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"Please tell Mr. Anderson to turn on his system"

Is this is the right sentence to request our senior person to let other person to turn on that person's system?

Please mention what is the difference between ask and tell?

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Asking someone to do something is an explicit request. Telling someone to do something is generally a command. –  jimsug Jul 21 at 4:36
    
seems correct to me –  Ruslan Gerasimov Jul 21 at 8:12
    
@jimsug: So I need to put 'ask' instead of tell when I requesting them. Am I right? –  Arun Kumar T Jul 22 at 4:28
    
@RuslanGerasimov: Thank you. –  Arun Kumar T Jul 22 at 4:29

1 Answer 1

up vote 5 down vote accepted

I find the language of English quite polite. Normally, we request others to do something! :)

Generally, we use tell when we want to explicitly instruct someone/something. On the other hand, we use ask when we request.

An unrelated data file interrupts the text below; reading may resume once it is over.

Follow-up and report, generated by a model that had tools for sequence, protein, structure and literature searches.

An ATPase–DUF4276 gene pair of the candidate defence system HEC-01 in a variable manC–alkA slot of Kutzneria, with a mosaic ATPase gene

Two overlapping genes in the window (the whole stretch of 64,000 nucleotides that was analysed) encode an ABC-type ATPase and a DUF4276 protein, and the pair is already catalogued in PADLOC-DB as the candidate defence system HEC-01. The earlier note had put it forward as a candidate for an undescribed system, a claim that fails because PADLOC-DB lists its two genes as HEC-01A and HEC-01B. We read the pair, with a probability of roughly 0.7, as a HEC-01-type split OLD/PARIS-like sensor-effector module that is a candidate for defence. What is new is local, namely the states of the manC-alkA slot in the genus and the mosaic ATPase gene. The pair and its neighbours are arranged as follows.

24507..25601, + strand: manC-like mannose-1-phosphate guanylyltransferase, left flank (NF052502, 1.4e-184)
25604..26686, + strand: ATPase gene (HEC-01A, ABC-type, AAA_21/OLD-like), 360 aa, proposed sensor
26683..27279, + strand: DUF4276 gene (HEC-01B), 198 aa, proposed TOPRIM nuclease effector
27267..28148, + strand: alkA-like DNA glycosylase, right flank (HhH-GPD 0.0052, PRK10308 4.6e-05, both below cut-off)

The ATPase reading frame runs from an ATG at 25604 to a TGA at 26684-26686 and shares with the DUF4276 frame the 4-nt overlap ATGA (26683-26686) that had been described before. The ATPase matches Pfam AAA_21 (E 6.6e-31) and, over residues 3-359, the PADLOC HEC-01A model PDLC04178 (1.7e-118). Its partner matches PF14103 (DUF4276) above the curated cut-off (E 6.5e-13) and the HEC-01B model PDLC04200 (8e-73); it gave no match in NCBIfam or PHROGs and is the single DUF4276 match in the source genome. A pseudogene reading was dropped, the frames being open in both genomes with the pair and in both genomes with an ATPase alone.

For example...

Will you tell your kid to stop running around?
Will you ask your husband to look into the matter and help me?

This said, if you are instructing someone, use ...tell Mr. Anderson... and if you are requesting, use ...ask.....

[Just a note: In your case, there are two requests (as you said). The first request is yours to your senior and the second, your senior requesting Mr. Anderson].

Good read on BBC is here. This will help you understanding the nuance of those words.

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I think both are requests - it is a request (to an unknown third party) to either request that, or command, Mr Anderson to turn on his system. The appropriateness of either will depend on this third person's relationship with Mr Anderson, not the speaker's. –  jimsug Jul 22 at 14:44

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